Challenges in evaluating Aboriginal healing programs: definitions, diversity and data
- SAGE Journals
- Publication Type:
- Journal Article
- Evaluation Journal of Australasia, 2017, 17 pp. 4 - 10
- Issue Date:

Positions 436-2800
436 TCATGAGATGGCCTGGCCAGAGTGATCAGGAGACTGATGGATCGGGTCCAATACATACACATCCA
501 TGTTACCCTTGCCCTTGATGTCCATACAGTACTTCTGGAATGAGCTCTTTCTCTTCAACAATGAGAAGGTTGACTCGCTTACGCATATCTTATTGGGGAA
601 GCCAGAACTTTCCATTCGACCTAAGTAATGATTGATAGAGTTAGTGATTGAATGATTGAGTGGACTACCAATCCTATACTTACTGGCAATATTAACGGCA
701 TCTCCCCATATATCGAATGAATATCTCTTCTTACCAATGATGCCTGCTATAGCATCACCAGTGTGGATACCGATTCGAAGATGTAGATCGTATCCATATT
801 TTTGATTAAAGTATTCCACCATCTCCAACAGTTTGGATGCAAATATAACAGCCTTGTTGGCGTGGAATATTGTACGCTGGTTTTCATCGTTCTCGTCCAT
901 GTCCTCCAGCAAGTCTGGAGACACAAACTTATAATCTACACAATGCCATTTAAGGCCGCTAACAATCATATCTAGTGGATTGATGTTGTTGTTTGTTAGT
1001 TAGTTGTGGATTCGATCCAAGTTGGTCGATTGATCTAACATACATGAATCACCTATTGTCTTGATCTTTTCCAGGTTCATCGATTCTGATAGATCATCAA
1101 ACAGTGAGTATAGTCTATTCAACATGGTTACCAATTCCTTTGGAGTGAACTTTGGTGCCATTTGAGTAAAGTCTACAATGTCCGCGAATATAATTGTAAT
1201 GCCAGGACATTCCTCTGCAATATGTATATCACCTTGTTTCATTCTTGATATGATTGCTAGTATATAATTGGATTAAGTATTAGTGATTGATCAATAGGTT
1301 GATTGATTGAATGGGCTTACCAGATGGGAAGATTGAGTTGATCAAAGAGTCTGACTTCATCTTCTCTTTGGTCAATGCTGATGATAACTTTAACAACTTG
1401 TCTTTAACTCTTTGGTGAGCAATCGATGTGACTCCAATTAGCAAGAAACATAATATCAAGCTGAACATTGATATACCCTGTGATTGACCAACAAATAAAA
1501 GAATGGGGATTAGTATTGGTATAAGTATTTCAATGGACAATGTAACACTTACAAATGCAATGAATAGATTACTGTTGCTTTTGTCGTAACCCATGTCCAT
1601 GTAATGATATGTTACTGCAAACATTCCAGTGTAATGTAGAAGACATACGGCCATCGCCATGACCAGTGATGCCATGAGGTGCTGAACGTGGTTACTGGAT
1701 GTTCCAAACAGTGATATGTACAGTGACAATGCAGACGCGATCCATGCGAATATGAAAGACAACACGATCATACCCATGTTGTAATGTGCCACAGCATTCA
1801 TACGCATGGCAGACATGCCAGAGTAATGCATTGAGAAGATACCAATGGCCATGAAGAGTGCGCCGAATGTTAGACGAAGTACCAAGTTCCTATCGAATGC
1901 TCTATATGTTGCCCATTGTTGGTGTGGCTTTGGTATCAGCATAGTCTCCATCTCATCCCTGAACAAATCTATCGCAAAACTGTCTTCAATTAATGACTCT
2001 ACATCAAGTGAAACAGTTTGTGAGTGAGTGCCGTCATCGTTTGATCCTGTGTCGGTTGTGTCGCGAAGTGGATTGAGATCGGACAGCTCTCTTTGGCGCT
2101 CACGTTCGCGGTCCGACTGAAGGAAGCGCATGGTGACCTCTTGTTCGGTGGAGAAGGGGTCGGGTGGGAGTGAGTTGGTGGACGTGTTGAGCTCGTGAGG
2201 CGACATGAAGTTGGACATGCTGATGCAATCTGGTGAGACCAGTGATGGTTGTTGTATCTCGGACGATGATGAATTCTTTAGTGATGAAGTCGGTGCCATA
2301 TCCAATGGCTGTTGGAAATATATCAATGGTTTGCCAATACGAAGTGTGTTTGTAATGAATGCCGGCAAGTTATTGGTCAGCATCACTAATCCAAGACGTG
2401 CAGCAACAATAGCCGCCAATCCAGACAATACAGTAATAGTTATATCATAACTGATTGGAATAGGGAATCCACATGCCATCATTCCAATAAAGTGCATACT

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Indigenous people around the world have long healing traditions. Contemporary Aboriginal and Torres Strait Islander healing projects are designed to empower individuals, families and communities; strengthen connections to culture; and reduce the damaging effects of colonisation and government policies such as the forcible removal of children (the Stolen Generations). Evidence on the conditions necessary for healing to occur, and how healing works for different people and in different contexts, is limited. Evaluations that will help identify good practice and document the full range of outcomes are sorely needed. This paper is based largely on experiences and learnings from Stolen Generations projects around Australia funded by the Aboriginal and Torres Strait Islander Healing Foundation, and the reflections of experienced scholar-practitioners. It argues that evaluations that are responsive to, and ultimately owned and led by, Aboriginal and Torres Strait Islander communities need to be designed and implemented differently to mainstream evaluations. Timeframes, methods, relationships between evaluators and stakeholders, and the identification and measurement of outcomes all need to be carefully considered. Challenges include definitions of healing, diversity of landscapes and programs, and data collection. Qualitative methods that preference and support Indigenous cultural frameworks and ways of creating and sharing knowledge work well. In addition to ensuring culturally sensitive methodologies and tools, working ethically and effectively in the Indigenous healing space means emphasising and enabling safety for participants, workers and organisations.
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